Having investigated the best possible means of aiding students, industry body Consulting Engineers South Africa (Cesa) has established a bursary fund, with a first intake of about 20 students expected for the 2018 academic year.
Cesa CEO Chris Campbell explains that, previously, many Cesa member companies provided bursaries as part of their corporate social responsibility programmes. However, this new fund aims to consolidate the efforts of member companies by establishing a Cesa-run fund for qualifying engineering students.
He notes that the Cesa bursary programme will mimic and be administered by the Thuthuka Bursary Fund on behalf of Cesa, and will be called the Cesa Thuthuka Bursary Fund.
The Thuthuka Bursary Fund, which is offered by the South African Institute of Chartered Accountants (Saica), has been chosen because Cesa has found that the Thuthuka process has been the “most effective in terms of aiding students”.
Most bursaries cater only for one aspect of a student’s study career, usually fees, but the success of the Thuthuka fund has demonstrated that students have a greater chance of success if the bursary model is all-encompassing, providing sufficient funding for fees, food, equipment, textbooks and board, as well as a modest stipend, Campbell explains.
As such, the bursary programme, which will be funded by Cesa member companies, is intended to provide comprehensive support for qualifying students for the entirety of their degree. “If engineering is a four-year programme, you should have funding for all four years,” states Campbell.
He comments that the uptake of the bursary programme has been slower than he had hoped, as it is new, but adds that “people don’t always buy into new concepts immediately”. Further, he expects that acceptance of this initiative by member companies and students will increase exponentially in years to come.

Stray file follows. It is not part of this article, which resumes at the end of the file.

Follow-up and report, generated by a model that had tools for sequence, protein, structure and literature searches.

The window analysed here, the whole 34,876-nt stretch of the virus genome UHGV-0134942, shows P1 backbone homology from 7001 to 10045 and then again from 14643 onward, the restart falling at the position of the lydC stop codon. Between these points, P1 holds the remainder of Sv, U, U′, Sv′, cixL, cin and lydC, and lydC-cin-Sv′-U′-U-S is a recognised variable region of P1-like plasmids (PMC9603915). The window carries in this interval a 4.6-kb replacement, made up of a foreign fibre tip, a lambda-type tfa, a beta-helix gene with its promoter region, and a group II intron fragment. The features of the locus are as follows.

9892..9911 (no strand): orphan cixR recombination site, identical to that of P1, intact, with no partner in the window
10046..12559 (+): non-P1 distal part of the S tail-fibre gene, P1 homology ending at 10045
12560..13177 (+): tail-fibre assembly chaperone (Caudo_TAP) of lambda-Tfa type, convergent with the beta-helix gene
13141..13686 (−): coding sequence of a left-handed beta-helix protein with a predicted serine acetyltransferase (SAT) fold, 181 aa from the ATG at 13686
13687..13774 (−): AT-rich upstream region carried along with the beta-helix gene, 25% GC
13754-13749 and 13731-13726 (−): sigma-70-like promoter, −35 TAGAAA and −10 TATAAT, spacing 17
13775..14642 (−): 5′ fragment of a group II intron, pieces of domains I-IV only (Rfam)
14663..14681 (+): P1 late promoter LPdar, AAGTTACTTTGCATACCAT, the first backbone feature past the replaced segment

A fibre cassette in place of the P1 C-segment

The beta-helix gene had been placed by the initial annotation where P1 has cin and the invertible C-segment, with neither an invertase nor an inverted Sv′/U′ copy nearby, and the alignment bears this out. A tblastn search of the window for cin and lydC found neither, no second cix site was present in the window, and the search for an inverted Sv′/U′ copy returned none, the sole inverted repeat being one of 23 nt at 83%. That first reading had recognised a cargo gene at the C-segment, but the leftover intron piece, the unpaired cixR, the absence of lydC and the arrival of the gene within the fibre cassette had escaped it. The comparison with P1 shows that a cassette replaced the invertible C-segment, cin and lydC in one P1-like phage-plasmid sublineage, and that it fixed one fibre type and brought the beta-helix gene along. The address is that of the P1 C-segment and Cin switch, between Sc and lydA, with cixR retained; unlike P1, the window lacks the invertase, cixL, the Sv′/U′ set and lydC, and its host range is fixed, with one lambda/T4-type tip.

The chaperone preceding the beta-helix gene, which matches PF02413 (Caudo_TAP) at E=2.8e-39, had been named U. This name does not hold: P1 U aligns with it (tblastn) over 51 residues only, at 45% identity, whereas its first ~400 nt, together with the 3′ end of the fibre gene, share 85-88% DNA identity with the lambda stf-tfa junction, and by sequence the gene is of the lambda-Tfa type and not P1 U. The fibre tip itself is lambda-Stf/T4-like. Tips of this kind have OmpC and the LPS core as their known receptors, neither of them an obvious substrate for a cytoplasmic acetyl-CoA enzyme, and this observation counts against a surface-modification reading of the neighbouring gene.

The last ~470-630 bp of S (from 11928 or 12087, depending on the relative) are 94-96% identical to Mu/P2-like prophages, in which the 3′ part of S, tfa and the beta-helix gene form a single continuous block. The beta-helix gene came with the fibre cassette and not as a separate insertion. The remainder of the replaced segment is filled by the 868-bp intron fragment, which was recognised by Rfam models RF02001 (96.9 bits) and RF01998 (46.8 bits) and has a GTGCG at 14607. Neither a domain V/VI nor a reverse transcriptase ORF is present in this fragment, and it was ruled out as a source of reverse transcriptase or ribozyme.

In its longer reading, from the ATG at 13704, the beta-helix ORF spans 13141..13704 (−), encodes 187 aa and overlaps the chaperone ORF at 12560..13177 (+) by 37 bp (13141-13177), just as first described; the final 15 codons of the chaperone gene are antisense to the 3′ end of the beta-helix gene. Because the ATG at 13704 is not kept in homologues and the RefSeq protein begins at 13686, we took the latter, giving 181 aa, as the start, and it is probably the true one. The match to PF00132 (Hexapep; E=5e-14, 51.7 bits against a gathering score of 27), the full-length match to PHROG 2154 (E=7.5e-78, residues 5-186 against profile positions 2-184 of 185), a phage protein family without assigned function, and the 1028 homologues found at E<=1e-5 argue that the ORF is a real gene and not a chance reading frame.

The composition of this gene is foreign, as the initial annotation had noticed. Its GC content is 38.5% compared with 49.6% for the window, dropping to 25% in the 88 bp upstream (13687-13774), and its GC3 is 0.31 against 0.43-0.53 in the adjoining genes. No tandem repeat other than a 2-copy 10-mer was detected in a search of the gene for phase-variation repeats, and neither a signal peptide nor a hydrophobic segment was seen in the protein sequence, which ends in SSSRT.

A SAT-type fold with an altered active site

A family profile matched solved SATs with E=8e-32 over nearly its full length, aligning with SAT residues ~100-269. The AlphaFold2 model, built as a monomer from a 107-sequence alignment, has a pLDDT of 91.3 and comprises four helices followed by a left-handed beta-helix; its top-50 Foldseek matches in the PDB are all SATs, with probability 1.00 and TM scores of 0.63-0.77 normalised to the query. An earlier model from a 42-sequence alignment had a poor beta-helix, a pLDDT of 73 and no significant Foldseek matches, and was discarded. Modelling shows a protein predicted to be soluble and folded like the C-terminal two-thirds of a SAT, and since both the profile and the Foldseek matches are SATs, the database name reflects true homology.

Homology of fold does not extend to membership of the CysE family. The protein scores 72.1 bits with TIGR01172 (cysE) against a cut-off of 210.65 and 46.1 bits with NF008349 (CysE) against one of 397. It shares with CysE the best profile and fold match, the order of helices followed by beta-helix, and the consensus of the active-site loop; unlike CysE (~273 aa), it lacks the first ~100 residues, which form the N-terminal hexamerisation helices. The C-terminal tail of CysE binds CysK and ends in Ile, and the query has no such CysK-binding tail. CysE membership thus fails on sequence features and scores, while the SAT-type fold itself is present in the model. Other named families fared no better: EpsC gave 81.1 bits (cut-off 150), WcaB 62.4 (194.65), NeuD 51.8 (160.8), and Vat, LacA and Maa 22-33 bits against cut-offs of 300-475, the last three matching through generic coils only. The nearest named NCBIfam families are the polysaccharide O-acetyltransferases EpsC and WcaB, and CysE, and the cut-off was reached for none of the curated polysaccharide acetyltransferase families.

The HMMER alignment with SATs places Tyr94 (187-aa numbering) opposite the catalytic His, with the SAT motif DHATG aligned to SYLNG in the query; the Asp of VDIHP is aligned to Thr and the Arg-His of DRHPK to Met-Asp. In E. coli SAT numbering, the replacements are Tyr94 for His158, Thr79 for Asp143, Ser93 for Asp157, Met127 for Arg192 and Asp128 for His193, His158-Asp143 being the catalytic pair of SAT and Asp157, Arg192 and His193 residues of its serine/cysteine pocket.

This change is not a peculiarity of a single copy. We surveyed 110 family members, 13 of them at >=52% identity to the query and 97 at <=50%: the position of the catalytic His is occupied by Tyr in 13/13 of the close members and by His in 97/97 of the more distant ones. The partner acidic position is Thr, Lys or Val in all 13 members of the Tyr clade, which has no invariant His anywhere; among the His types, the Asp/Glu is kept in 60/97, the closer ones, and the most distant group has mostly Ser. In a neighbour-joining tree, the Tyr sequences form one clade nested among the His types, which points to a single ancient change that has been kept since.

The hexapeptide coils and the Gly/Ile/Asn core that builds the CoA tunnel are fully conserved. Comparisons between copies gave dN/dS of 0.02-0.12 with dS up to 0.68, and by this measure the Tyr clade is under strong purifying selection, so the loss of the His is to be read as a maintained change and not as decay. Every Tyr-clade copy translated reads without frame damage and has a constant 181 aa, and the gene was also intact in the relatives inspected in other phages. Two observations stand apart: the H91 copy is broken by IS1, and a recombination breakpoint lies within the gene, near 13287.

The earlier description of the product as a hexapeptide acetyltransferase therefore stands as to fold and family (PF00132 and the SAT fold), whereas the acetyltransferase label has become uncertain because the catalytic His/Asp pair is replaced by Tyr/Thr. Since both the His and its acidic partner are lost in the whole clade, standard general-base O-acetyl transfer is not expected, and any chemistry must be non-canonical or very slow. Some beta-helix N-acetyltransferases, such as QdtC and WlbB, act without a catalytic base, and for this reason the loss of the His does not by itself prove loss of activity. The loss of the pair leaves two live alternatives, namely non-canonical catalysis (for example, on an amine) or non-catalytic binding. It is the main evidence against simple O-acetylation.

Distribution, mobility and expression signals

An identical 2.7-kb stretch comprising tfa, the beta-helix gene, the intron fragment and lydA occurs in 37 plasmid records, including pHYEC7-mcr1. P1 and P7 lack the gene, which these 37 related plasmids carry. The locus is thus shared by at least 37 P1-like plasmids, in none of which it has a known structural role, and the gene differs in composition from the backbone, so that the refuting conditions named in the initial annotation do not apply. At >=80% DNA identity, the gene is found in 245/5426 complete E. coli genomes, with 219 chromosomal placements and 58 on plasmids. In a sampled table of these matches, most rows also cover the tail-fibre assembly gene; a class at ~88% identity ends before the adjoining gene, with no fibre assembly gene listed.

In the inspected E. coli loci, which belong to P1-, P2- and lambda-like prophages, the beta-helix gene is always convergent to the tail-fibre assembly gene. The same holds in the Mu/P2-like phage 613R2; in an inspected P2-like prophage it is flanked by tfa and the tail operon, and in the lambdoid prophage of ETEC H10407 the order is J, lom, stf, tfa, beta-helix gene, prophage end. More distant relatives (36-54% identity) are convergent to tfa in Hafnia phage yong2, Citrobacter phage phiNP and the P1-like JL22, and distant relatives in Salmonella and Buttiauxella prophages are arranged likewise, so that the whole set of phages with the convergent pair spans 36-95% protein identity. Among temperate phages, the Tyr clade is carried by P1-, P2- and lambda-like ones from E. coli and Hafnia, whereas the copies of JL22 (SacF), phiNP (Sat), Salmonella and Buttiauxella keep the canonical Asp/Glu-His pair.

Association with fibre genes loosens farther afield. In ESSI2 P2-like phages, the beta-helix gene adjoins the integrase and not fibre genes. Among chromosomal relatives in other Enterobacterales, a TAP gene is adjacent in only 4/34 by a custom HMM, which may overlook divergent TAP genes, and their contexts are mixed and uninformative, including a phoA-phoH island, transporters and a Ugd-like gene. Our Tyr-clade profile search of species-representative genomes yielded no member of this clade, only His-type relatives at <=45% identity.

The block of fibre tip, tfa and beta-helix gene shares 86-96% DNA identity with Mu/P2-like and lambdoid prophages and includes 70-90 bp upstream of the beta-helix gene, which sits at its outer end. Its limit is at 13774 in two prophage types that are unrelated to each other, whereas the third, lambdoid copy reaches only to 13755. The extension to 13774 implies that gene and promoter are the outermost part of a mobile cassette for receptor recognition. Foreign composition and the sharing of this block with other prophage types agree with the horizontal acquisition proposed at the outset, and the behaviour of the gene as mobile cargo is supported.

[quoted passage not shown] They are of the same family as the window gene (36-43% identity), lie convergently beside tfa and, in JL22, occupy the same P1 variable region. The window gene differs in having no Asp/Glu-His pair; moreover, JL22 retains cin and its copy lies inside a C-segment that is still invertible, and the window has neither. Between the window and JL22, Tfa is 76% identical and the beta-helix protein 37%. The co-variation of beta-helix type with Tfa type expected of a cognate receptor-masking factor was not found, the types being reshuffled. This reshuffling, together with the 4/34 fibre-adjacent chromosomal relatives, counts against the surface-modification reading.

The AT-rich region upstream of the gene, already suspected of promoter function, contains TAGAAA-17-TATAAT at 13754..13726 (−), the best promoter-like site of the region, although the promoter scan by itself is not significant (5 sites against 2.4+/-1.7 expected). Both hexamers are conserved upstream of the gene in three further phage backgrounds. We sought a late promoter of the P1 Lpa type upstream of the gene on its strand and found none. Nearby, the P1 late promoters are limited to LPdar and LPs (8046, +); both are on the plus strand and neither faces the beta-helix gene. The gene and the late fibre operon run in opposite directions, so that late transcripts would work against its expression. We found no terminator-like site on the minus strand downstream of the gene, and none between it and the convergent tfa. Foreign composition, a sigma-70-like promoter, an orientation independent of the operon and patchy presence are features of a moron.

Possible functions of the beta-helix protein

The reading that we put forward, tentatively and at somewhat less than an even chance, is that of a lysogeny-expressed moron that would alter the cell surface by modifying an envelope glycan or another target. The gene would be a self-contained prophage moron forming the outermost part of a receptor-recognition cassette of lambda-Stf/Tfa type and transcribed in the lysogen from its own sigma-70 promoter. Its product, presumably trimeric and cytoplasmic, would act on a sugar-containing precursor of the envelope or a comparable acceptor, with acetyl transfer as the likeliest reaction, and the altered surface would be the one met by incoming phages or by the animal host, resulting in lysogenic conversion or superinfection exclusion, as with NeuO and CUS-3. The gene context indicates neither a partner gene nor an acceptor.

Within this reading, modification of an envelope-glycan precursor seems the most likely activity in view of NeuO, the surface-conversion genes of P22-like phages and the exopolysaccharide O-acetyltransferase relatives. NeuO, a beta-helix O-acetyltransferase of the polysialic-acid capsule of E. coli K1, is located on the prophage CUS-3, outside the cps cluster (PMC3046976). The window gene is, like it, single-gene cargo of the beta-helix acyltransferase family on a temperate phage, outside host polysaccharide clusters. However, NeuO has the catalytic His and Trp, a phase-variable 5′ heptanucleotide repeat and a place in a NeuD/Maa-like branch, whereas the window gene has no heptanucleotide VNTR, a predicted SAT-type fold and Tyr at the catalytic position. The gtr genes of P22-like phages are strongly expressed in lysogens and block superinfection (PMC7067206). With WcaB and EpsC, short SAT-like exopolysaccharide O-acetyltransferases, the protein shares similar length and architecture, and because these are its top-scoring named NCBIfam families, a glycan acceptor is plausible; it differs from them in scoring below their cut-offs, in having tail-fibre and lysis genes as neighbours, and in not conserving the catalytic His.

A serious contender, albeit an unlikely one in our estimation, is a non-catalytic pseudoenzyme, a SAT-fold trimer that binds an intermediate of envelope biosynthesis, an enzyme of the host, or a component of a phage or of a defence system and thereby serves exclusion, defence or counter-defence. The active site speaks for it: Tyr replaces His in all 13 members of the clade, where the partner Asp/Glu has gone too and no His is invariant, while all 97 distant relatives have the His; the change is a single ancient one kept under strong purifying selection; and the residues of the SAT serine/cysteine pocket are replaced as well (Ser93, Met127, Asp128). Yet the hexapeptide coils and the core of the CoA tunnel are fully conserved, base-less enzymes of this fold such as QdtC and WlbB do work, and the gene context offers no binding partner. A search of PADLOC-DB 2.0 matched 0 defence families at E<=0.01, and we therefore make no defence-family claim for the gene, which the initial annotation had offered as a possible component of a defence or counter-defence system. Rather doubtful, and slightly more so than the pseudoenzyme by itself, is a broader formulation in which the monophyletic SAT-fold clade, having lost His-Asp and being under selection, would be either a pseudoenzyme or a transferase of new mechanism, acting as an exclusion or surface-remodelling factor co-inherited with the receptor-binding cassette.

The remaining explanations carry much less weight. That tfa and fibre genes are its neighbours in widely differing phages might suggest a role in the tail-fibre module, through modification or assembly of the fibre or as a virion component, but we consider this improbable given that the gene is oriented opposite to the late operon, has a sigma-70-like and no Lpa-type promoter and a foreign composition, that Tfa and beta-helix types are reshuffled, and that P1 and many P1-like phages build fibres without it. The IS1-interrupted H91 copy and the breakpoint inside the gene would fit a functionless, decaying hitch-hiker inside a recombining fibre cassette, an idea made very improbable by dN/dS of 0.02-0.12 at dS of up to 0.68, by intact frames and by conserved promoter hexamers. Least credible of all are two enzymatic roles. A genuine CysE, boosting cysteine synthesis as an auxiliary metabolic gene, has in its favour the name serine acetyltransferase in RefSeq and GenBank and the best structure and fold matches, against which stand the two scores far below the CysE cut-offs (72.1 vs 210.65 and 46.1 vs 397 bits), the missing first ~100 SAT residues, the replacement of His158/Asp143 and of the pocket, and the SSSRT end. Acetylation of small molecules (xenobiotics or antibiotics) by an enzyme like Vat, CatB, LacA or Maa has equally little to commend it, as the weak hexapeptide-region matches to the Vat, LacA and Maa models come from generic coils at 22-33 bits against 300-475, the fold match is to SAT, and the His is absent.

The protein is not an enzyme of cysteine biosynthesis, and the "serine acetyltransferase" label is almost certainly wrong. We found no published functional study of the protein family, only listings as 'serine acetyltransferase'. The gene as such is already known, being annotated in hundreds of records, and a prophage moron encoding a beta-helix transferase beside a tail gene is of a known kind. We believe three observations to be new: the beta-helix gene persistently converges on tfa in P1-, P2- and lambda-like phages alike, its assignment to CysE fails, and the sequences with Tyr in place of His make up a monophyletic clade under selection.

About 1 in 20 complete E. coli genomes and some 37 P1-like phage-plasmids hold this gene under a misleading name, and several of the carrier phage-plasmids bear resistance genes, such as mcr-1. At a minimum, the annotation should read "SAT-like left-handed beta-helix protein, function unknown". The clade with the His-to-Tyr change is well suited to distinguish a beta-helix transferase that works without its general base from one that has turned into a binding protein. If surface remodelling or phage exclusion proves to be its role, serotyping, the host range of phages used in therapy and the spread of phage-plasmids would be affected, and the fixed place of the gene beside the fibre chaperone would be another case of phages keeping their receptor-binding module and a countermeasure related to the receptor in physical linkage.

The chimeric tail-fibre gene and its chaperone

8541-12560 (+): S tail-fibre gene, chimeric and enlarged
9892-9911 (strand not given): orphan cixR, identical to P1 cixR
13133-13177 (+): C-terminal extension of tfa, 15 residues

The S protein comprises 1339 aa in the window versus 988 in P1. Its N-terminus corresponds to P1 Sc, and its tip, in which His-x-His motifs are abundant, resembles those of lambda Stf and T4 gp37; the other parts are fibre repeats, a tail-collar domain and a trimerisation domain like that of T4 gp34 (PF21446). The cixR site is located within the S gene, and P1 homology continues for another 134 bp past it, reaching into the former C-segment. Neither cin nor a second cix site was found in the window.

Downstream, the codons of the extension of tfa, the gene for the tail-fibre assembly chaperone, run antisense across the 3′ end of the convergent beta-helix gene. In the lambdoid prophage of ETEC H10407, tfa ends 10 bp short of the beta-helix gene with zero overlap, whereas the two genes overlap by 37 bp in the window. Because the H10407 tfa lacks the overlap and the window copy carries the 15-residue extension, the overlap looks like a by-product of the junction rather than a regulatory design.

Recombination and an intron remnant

Campbell comments that the level of commitment expected for this programme may also have impacted on broader acceptance, as the comprehensive nature of the fund has “tended to make companies cautious”.
Broader View on Education
“To say that the primary and secondary education system is ‘flawed’ is an understatement – it’s rather a travesty that flies in the face of our Constitution,” states Campbell.
He cites Section 29 of the Constitution, specifically Subsection 2c, which “categorically states that education needs to be pitched to redress the results of past racially discriminatory laws and practices . . . I think if you consult many people, they would argue that the current system has actually been regressive”.
Further, he points to Subsection 3c, which states that the education system must maintain standards that are not inferior to standards at comparable public education institutions.
“The World Economic Forum puts South Africa 24 out of 25 countries surveyed in terms of our standard of education.” Moreover, he notes that countries such as Mozambique, Burundi, Lesotho, which have far fewer resources than South Africa, are ranked higher.
“There isn’t enough being done by government to address poor teacher training, especially in mathematics and science,” says Campbell. He adds that, unless society establishes a solid foundation for learners in mathematics and science, those learners “don’t have a hope of passing technical and vocational courses, let alone attaining an engineering diploma or degree”.
He adds that there is a shortage of skilled teachers in maths and science at foundation phases and this has to be addressed if the country is to progress.
“If we consider the impact of the Fourth Industrial Revolution and the application of artificial intelligence, can you imagine what the impact will be in terms of our production-based types of employment opportunities, given that even accountants and lawyers can be replaced with robots. “As a country, we are at risk of even our graduates being displaced.”
As such, he suggests that the entire education system, but especially the basic education system, be reviewed and enhanced, with a specific emphasis on mathematics.
“People should gravitate towards maths; it’s about the thought process it inculcates, problem solving and logic. Most people don’t need to know complex formulas, but they do need to think logically and be able to solve problems.”